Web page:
Mali was a trading empire that flourished in West Africa from the 13th to the 16th century. The Mali empire developed from the state of Kangaba, after the civilization of Ghana collapsed, on the Upper Niger River, and is said to have been founded before 1000 AD. The Malinke people who were in Kangaba acted as middlemen in the gold trade during the later period of ancient Ghana. Their dislike of the ruler’s harsh but ineffective rule caused the Malinke people to revolt, and in 1230 Sundiata, the brother of the previous ruler, won against the his brother, and Mali was formed.
In extending Mali’s rule beyond the Kangaba’s area, Sundiata set a precedent for following emperors. Imperial armies took the gold-bearing lands of Bondu and Bambuk to the south, the Diara in the northwest, and gained more land along the Niger to Lac Débo. Under Mansa Musa, Mali rose to the height of its power. He controlled the lands of the Middle Niger, and gained more land in the trading cities of Timbuktu and Gao, and imposed his rule on such south Saharan cities in the regions of the salt deposits to the north. He extended the eastern boundaries of his empire as far as the Hausa people, and to the west he invaded Takrur. In Egypt, and elsewhere he sent ambassadors on his return from a pilgrimage to Mecca (1324) to establish Egyptian scholars in both Timbuktu and Gao.
By the 14th century the Dyula, or Wangara, as the Muslim traders of Mali came to be called, were active throughout West Africa. Malis success, however, actually contributed to it’s decline. The empire outgrew its political and military strength, and Gao rebelled (c. 1400), then the Tuareg seized Walata and Timbuktu (1431). The Mossi began to harass their Mali. By about 1550 Mali had ceased to be important as a political power.
When drawing for civilizations at the beginning of the year, picking Mali struck me with surprise. Not only did I not know where Mali was, but the only thing I actually knew about it was that there was an emperor called Mansa Musa from Timbuktu, and even then, I only knew that from a song parody that a history teacher did on YouTube. When you approach people and ask “What do you know about Mali?” they might respond with things like “Where?”, or some people will ask “Who?”. By getting a culture I knew almost nothing about, I was glad and also upset. Upset in the fact that I would have to do more research, and glad in the sense that I could learn about something I didn’t know. Some things that surprised me were the fact that Mali was a very huge trading civilization, and played a huge part in the time period that it was at its highest point. This surprised me because most books tended to focus more on the places well known today, like Egypt, during that time, but Mali played a more important part during that time, but it still not as well known. In the culture, I wish I could’ve experienced one of the markets they had, as they seem very different, and it would be phenomenal to just see all the culture.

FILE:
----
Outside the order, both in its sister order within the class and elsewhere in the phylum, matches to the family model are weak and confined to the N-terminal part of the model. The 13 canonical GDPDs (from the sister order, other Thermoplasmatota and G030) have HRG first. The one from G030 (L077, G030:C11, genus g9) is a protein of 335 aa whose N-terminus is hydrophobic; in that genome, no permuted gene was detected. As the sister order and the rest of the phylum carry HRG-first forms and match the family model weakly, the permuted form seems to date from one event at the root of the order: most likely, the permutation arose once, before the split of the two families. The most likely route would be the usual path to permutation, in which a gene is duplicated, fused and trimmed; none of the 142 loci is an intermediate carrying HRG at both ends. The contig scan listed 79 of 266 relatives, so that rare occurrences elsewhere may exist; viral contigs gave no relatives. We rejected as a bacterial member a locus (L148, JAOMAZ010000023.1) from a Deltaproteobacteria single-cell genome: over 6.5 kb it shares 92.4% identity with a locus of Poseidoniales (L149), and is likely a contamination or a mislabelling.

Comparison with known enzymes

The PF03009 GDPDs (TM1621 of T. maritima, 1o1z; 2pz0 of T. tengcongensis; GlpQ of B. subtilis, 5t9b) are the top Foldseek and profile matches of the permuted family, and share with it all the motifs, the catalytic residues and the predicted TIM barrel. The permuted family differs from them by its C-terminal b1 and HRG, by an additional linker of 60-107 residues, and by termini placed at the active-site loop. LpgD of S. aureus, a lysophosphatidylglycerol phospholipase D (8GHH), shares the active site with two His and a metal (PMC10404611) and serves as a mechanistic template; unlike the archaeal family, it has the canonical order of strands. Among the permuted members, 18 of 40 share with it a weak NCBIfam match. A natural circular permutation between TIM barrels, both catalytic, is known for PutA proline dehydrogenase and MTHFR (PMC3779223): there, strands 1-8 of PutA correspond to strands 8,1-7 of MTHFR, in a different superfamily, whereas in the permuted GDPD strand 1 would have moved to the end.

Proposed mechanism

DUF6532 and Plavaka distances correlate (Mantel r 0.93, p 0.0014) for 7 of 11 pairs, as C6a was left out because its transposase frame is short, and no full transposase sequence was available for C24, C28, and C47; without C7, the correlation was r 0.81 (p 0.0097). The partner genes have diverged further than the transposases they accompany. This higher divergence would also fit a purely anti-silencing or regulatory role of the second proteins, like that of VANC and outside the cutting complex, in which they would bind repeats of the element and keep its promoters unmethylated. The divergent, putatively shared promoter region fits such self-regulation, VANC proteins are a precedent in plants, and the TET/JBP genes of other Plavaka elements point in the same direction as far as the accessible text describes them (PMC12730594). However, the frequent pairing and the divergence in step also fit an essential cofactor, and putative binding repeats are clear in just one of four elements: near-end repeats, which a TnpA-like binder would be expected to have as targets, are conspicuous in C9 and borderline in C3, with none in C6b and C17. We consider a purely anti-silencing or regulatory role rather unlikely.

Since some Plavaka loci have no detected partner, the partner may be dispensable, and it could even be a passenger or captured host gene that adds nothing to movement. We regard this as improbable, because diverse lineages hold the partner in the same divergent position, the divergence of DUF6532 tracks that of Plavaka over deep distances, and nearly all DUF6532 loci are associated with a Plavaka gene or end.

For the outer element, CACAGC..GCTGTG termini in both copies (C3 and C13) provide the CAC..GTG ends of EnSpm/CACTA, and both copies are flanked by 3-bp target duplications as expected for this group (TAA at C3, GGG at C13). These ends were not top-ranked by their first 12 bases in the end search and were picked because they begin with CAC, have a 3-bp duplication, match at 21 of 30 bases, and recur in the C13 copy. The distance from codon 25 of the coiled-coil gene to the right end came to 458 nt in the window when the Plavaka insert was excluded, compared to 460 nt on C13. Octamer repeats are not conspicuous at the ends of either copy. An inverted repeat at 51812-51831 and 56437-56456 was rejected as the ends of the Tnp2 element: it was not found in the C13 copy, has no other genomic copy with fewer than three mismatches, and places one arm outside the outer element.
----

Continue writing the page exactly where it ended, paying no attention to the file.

When looking for pictures for the postcard project, I very heavily used one of the online resources provided for us. I ended up finding more than 5 pictures that I liked, so I figured I could use some for the scrapbook project. When thinking of my postcards, I wanted them to all have a different sort of category, so when choosing pictures, they were already sorted into different things like landscape, fashion, etc. The pictures I chose all stuck out to me either by being so unique and different from the cultures I know, or they showed the true beauty of Mali, something everyone should see. The final pictures I decided on were ones that I thought represented parts of Mali well, and were also appealing.